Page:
Hamstring Injury Specialists Dodge City KS

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Richard J Ackerman, DDS
(620) 227-2234
705 1st Ave Ste B
Dodge City, KS
Specialties
Orthodontics/Dentofacial Orthopedics

Data Provided By:
Alexander Baxter Neel, MD
(620) 225-7744
2300 N 14th Ave Ste 104
Dodge City, KS
Specialties
Orthopedics, General Surgery
Gender
Male
Education
Medical School: Univ Of Rochester Sch Of Med & Dentistry, Rochester Ny 14642
Graduation Year: 1982
Hospital
Hospital: Pratt Reg Med Ctr, Pratt, Ks; Western Plains Reg Hosp, Dodge City, Ks
Group Practice: Orthopedics & Sports Medicine

Data Provided By:
Dr.JEFFREY RANDALL
(785) 843-9125
1112 West 6th Street #124
Lawrence, KS
Gender
M
Education
Medical School: Univ Of Ks Sch Of Med
Year of Graduation: 1990
Speciality
Orthopedic Surgeon
General Information
Accepting New Patients: Yes
RateMD Rating
3.5, out of 5 based on 2, reviews.

Data Provided By:
Mary Ann Hoffmann, MD
(785) 749-2994
543 Lawrence Ave Ste D
Lawrence, KS
Specialties
Orthopedics
Gender
Female
Education
Medical School: Univ Of Mo-Kansas City Sch Of Med, Kansas City Mo 64108
Graduation Year: 1978

Data Provided By:
Christine J Cheng
(913) 381-5225
10701 Nall Ave
Overland Park, KS
Specialty
Hand Surgery

Data Provided By:
Alok Shah
(620) 227-1371
2020 Central Ave
Dodge City, KS
Specialty
Orthopedic Surgery

Data Provided By:
Kenneth Jansson
(316) 631-1600
2778 N Webb Rd
Wichita, KS
Business
Advanced Orthopaedics Associates
Specialties
Orthopedics, Sports Medicine, Arthroscopic Surgery
Insurance
Insurance Plans Accepted: Almost all insurance plans accepted.
Medicare Accepted: Yes
Workmens Comp Accepted: Yes
Accepts Uninsured Patients: Yes

Doctor Information
Primary Hospital: Kansas Surgery and Recovery Center; Surgicare of Wichita
Residency Training: Wilford Hall USAF Medical Center, Lackland AFB, TX
Medical School: Darthmouth, 1982
Additional Information
Member Organizations: American College of Sports Medicine American Medical Association American Medical Society for Sports Medicine American Orthopaedic Society for Sports Medicine Arthroscopy Association of North America Fellow American Academy of Orthopaedic Surgeo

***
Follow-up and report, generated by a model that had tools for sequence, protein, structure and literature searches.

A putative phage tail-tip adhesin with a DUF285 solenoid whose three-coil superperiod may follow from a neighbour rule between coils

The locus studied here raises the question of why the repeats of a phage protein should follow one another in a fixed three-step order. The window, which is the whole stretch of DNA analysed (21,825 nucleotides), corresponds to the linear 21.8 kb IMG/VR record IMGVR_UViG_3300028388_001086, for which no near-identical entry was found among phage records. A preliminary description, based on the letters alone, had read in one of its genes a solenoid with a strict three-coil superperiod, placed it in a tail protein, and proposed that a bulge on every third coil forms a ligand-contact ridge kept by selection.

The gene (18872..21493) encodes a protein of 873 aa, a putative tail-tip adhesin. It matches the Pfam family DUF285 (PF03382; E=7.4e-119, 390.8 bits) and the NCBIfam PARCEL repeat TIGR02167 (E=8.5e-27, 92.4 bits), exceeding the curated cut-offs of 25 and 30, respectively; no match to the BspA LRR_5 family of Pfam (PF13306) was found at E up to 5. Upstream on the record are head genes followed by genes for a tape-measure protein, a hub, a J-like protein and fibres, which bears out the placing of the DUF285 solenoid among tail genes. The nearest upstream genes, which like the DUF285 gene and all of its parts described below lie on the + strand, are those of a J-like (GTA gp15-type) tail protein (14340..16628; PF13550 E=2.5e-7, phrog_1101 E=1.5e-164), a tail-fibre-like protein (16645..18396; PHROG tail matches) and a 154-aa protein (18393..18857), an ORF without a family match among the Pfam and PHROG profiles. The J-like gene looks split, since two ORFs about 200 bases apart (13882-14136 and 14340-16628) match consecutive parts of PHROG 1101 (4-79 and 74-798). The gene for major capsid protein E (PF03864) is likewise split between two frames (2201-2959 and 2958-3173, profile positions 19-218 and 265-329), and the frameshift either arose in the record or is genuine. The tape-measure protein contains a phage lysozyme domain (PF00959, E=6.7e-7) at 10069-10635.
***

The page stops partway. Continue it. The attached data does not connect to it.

Data Provided By:
Steve Howell
(316) 838-2020
7550 West Village Circle
Wichita, KS
Specialty
Foot & Ankle Surgery

Data Provided By:
Gregory John Folsom
(913) 788-7111
8919 Parallel Pkwy
Kansas City, KS
Specialty
Orthopedic Surgery

Data Provided By:
Joel Robin Lane
(913) 362-8317
8800 W 75th St
Shawnee Mission, KS
Specialty
Orthopedic Surgery

Data Provided By:
Data Provided By:

Hamstring Injuries

A Patient's Guide to Hamstring Injuries

Introduction

The big group of muscles and tendons in the back of the thigh are commonly called the hamstrings. Injuries in this powerful muscle group are common, especially in athletes. Hamstring injuries happen to all types of athletes, from Olympic sprinters to slow-pitch softball players. Though these injuries can be very painful, they will usually heal on their own. But for an injured hamstring to return to full function, it needs special attention and a specially designed rehabilitation program.

This guide will help you understand

  • how the hamstrings work
  • why hamstring injuries cause problems
  • how doctors treat the condition

Anatomy

Where are the hamstrings, and what do they do?

The hamstrings make up the bulk in back of the thigh. They are formed by three muscles and their tendons. The hamstrings connect to the ischial tuberosity, the small bony projection on the bottom of the pelvis, just below the buttocks. (There is one ischial tuberosity on the left and one on the right.) The hamstring muscles run down the back of the thigh. Their tendons cross the knee joint and connect on each side of the shinbone (tibia).

The hamstrings function by pulling the leg backward and by propelling the body forward while walking or running. This is called hip extension. The hamstrings also bend the knees, a motion called knee flexion.

Most hamstring injuries occur in the musculotendinous complex. This is the area where the muscles and tendons join. (Tendons are bands of tissue that connect muscles to bones.) The hamstring has a large musculotendinous complex, which partly explains why hamstring injuries are so common.

When the hamstring is injured, the fibers of the muscles or tendon are actually torn. The body responds to the damage by producing enzymes and other body chemicals at the site of the injury. These chemicals produce the symptoms of swelling and pain.

In a severe injury, the small blood vessels in the muscle can be torn as well. This results in bleeding into the muscle tissue. Until these small blood vessels can repair themselves, less blood can flow to the area. With this reduced blood flow, the muscles cannot begin to heal.

The chemicals that are produced and the blood clotting are your body's way of healing itself. Your body heals the muscle by rebuilding the muscle tissue and by forming scar tissue. Carefully stretching and exercising your injured muscle helps maximize the building of muscle tissue as you heal.

In rare cases, an injury can cause the muscle and tendons to tear away from the bone. This happens most often where the hamstring tendons attach to the ischial tuberosity. These tears, called avulsions, sometimes require surgery.

Related Document: A Patient's Guide to Knee Anatomy

Causes

How do hamstring injuries occur?

Hamstring injuries happen when the muscles are stretched too far. Sprinting and other fast or twisting m...

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